Decomposition Of Milk

     Cheese is made by coagulating milk, usually with the help of an added coagulant such as rennet; stirring and heating the curd; draining off the whey and collecting or pressing the curd.  Then follows a long curing or “ripening” operation, similar to the process of composting leaves, during which the major nutrients undergo a form of decomposition due to the action of bacteria. Factors responsible for nutritional changes in milk used in manufacture of cheese are:

1. The method of curd coagulation

2. The extent of whey removed

3. The conditions of the ripening process,

such as length, maintenance temperature,

types of germs and fungi causing the nutrient

decomposition, etc.

     After the proteins are coagulated by rennet or lactic acid formed during fermentation by bacteria, the whey is separated.  Losses of milk nutrient are greatest in the whey separation stage.  One-third of the calcium is lost, 25% of the protein, 75% riboflavin, 85% thiamine, 90% niacin, and about 100% vitamin C are lost.  These losses occur both in hard cheese and cottage cheese.  Cottage and creamed cheese contain only 20% of the calcium and phosphorous of the original milk.  Any vitamins contributed by the growth of molds is insignificant, since they remain on the surface and are trimmed away.

     During the fermentation or curing of cheese, a mixed group of microoganisms grows in the milk curd, affecting the flavor and firmness of the cheese.  Protein, fat, and carbohydrates are the major nutrients affected during the curing process.  The protein portion of cheese is fermented with formation of peptides, amines, indoles, skatole, and ammonia.  Migraine headaches can be caused by tyramine, one of the amines produced in cheese.  Certain of the amines can interact with the nitrates present in the stomach to form nitrosamine, a cancer-producing agent.  The fat in cheese is hydrolized to irritating fatty acids: butyric, caproic, caprylic, and longer carbon chain fatty acids.  Some of the changes that occur in fats and cholesterol upon aging are of a nature as to render them dangerous to health.  American Journal Of Clinical Nutrition 1979  Three forms of oxidized cholesterol that occur with aging, and cause very rapid damage to artery walls may be found in common foods such as lard, ripened cheese, pancake mix, powdered eggs, and custards.  One infant formula was shown to contain a form of oxidized cholesterol.  One pioneer nutrition writer, E.G. White counseled in 1868, “Cheese should never be introduced into the stomach.”  CDF 386  Nobody would think of spoiling other foods before eating them; Nor does it do anything good for the already questionable wholesomeness of milk to spoil it.

     The carbohydrate of milk, mainly lactose, is converted to lactic acid by putrification.  Most of the products of fermentation are toxic and irritating, including the esters, the acids, and certain of the amines, such as tyramine and nitrosamine.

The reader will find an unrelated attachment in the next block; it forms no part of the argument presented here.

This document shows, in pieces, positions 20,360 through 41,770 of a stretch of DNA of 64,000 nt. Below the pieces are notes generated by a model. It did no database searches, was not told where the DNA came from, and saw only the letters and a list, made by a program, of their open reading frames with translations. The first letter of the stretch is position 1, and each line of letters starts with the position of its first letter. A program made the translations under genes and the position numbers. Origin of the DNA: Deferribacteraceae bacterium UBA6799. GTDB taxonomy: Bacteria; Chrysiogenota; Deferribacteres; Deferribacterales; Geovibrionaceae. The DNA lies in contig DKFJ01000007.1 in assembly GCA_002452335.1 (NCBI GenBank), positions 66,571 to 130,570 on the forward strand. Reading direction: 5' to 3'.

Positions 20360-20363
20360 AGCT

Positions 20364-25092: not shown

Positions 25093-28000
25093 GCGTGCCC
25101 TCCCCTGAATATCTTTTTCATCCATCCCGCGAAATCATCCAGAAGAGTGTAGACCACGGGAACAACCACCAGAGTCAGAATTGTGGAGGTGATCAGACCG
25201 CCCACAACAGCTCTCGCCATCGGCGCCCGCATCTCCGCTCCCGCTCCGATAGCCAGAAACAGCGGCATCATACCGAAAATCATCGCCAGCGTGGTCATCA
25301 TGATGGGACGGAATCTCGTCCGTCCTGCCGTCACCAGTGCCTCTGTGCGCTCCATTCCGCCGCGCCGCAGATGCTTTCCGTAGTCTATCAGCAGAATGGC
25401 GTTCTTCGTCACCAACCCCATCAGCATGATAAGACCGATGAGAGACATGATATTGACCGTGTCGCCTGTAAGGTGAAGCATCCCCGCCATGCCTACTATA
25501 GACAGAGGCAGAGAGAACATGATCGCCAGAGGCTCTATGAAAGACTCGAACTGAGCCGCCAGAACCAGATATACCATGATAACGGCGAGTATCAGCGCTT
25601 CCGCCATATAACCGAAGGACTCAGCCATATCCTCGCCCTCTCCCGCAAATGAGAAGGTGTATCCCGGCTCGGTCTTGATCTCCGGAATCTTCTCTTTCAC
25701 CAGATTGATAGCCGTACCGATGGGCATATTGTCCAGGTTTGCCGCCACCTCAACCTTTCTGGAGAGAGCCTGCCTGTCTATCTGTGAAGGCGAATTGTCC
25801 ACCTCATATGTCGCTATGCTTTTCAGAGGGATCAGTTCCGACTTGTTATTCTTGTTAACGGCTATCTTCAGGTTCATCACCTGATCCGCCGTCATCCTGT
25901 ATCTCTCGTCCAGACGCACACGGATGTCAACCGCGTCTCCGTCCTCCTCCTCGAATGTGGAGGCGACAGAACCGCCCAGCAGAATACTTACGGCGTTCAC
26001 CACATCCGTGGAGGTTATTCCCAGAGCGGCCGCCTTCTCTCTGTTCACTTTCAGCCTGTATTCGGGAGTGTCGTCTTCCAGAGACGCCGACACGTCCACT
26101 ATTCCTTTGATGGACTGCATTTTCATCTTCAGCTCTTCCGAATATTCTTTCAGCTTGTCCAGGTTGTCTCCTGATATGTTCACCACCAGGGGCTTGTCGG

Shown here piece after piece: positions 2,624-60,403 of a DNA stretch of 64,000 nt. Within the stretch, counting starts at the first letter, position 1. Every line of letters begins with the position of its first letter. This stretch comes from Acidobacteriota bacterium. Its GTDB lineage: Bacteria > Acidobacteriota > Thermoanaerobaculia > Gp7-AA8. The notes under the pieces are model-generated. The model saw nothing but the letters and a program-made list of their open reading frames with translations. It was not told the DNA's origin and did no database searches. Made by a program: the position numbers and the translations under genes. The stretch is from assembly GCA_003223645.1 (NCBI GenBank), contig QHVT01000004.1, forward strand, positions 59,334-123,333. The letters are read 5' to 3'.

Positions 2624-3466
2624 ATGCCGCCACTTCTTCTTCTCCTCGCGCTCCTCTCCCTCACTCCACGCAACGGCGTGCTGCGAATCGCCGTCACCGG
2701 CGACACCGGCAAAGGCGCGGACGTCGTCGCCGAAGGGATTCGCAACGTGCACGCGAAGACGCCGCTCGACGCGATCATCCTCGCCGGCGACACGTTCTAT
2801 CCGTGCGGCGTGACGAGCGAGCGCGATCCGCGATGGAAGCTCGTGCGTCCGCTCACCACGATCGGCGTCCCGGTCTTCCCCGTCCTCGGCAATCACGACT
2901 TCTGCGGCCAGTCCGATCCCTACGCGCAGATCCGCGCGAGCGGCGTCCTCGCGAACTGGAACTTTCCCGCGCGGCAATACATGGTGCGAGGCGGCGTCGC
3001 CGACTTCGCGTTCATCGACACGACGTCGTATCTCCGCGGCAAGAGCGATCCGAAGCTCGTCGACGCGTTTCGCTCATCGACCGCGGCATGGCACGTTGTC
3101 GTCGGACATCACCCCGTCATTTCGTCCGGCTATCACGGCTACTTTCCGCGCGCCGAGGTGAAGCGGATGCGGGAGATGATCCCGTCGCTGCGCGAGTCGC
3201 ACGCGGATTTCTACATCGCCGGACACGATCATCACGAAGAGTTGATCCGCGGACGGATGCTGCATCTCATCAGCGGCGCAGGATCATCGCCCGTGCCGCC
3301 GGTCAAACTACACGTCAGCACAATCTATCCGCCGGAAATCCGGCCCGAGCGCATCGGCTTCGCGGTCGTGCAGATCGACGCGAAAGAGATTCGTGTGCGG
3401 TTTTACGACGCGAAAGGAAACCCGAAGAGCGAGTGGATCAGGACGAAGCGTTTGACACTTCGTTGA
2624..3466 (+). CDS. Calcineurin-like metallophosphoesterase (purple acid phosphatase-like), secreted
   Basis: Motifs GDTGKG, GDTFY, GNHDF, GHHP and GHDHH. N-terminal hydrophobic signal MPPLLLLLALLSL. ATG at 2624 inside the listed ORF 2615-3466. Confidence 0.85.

Rennet Use in the curdling of milk for cheese making is obtained from the whole stomach lining of calves, lambs, kids or pigs.  The flesh of the animals stomach lining is ground, the enzyme contained with the lining being the active portion.  Since           cottage cheese and cream cheese are not “ripened” it seems reasonable to some that these products can be safely used.  They are safe, however, only if free from disease-producing organisms, heavy metals, detergents, antibiotics, cancer viruses, and other undesirable substances found in milk.  In this day of expanding diseases in animals, and expanding processes of manufacture and marketing it is highly unlikely that rennet is free from the diseases that can be transmitted from such meat items as steak and pork chops.  “Children are allowed to eat flesh meats, spices, butter, cheese, pork, rich pastry, and condiments generally...These things do their work of deranging the stomach, exciting the nerves to unnatural action and enfeebling the intellect.”  CDF 350

     Cheese washer’s disease, a hypersensitivity pneumonia, and “cheese reaction,” a characteristic disease of sever hypertension, headache, palpitations, neck pain and occasional intra-cranial hemorrhage and heart-failure are caused by tyramine and other presser amines which are natural constituents of ripened cheese.  The disease is much more likely to occur in persons taking an antidepressant.  Six patients in which diabetic neuropathy was diagnosed ate cheese and subsequently broke out in severe facial sweating illustrating the influence of the pressor amines on the general body physiology.  Chocolate, alcohol, and pickles may also provoke sweating after eating.